Need to review 1099 classification criteria? CLICK HERE: How do you minimize the risk of an EDD Audit? There is no way to eliminate the risk of a government agency audit, audits are performed on a number of criteria, from a site sweep in which contractors are randomly audited by EDD to an unemployment claim from a 1099 worker who unwittingly files on your company. In whatever scenario, it is best to have all your ducks in a row when EDD audits. One of the first areas of scrutiny will be the status of your workers. If your workers…
Today (April 13, 2021) the Senate Finance Committee held a hearing on The 2021 Filing Season and 21st Century IRS.  The sole witness was IRS Commissioner Charles Rettig.  There are three takeaways I want to share: 1. The IRS is Overburdened! I encourage you to at least skim Commissioner Rettig’s written testimony. He lays out numerous challenges that that IRS has faced for years and even more due to COVID-19 tax law changes. Consider the three rounds of Economic Impact Payments they had to issue while sheltering in place (each round went to about 160 million individuals), new…
After companies including Uber, Lyft, DoorDash, and others spent nearly $200 million campaigning for the addition of a ballot measure exempting them from the previously passed California AB5 ruling. They won, and so began Proposition 22.  The passing of Proposition 22 protects drivers’ preferences to remain classified as independent contractors with the flexibility to work when, where, and how long they want. A notable aspect of the passing of Prop 22 is that future reform is limited by preempting local laws and requiring that any tweaks by the state legislature comport with its intent and pass with a seven-eighths supermajority. …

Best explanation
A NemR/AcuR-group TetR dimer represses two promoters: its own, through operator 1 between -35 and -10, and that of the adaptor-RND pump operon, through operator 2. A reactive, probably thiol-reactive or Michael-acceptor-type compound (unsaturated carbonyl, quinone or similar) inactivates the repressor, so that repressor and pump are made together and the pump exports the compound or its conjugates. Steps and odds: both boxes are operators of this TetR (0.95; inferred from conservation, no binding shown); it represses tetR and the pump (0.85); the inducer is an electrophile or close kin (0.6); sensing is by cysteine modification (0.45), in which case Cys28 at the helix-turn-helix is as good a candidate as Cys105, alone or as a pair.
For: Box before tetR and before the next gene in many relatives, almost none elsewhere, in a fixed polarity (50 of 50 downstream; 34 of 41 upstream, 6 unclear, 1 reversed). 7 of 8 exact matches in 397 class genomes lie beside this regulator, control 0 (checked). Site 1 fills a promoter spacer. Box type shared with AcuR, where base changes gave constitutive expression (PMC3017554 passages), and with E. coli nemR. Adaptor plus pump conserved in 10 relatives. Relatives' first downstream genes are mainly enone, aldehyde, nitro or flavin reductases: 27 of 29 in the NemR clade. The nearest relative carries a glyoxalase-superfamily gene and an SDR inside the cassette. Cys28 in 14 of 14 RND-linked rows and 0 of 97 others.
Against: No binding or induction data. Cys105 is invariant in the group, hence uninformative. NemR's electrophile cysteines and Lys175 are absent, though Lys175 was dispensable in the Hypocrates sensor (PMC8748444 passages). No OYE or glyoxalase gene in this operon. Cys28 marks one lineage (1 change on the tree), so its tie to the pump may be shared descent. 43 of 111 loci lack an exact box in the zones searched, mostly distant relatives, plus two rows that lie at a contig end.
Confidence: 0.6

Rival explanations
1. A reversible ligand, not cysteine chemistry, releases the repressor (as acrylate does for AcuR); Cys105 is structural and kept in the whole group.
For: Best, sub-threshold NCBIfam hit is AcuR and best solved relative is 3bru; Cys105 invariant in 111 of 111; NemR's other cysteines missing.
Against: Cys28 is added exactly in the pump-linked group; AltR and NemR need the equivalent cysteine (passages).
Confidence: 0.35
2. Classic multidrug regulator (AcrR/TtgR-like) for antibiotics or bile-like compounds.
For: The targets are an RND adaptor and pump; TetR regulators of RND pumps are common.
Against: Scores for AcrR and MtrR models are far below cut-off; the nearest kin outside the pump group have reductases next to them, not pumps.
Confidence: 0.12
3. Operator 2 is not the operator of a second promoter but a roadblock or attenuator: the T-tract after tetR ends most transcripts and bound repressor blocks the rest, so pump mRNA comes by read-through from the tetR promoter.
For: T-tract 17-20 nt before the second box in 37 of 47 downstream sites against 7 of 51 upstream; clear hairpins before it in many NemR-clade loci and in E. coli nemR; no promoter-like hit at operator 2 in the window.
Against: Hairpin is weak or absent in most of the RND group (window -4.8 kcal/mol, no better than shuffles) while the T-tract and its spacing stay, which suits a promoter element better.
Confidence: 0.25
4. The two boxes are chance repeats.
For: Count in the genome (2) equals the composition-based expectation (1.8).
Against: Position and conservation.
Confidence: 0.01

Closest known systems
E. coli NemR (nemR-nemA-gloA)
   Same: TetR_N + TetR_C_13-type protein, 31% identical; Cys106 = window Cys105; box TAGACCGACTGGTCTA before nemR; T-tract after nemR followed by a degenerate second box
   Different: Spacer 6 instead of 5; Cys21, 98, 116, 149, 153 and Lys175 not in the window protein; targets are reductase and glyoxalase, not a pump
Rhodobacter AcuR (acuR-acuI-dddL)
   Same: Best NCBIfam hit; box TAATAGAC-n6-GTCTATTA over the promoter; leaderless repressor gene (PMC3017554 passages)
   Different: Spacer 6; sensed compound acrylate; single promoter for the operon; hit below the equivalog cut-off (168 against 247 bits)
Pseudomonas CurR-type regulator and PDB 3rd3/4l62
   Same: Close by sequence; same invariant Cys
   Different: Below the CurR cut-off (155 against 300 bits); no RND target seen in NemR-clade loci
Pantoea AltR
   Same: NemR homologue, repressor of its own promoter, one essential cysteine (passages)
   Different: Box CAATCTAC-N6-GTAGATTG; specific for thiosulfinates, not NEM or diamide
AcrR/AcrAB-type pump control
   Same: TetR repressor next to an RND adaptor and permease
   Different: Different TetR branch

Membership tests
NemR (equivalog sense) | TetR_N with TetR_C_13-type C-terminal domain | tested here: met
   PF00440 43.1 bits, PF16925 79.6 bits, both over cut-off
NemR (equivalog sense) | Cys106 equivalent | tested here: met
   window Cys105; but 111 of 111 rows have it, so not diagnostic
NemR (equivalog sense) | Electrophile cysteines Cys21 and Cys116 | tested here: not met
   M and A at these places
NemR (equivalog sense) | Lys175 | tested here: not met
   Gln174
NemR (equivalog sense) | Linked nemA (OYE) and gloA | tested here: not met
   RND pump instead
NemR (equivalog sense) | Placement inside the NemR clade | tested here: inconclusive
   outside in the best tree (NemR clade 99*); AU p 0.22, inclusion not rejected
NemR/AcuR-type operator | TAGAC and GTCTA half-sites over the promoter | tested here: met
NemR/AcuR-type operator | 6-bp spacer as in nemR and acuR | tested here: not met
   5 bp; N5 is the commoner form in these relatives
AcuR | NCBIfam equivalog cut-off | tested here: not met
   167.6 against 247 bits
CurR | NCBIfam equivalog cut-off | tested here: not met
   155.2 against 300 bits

Stay informed of the week’s notable events and shared resources with this curated list of Nonprofit Tweets of the Week. Notable Events of the Week: “On Wednesday, the Treasury Department released the details of Mr. Biden’s tax plan, which aims to raise as much as $2.5 trillion over 15 years to help finance the infrastructure proposal. That includes bumping the corporate tax rate to 28 percent from 21 percent, imposing a strict new minimum tax on global profits and cracking down on companies that try to move profits offshore.” NY Times “Amid steady progress with coronavirus vaccinations, the U.S.…
“Deaccessioning” – that is, selling off artwork for any purpose other than to acquire more artwork – is the “cardinal sin” of the museum world.  Before the pandemic, this was official policy of The Association of Art Museum Directors (AAMD), the professional group that “… serves as the industry’s referee and moral watchdog.”  For the last decade or so, the AAMD has enforced this proscription from time to time with a heavy hand. It slapped costly monetary sanctions on violators. Member institutions did their part as well; they “shunned” the renegades – for instance – by denying…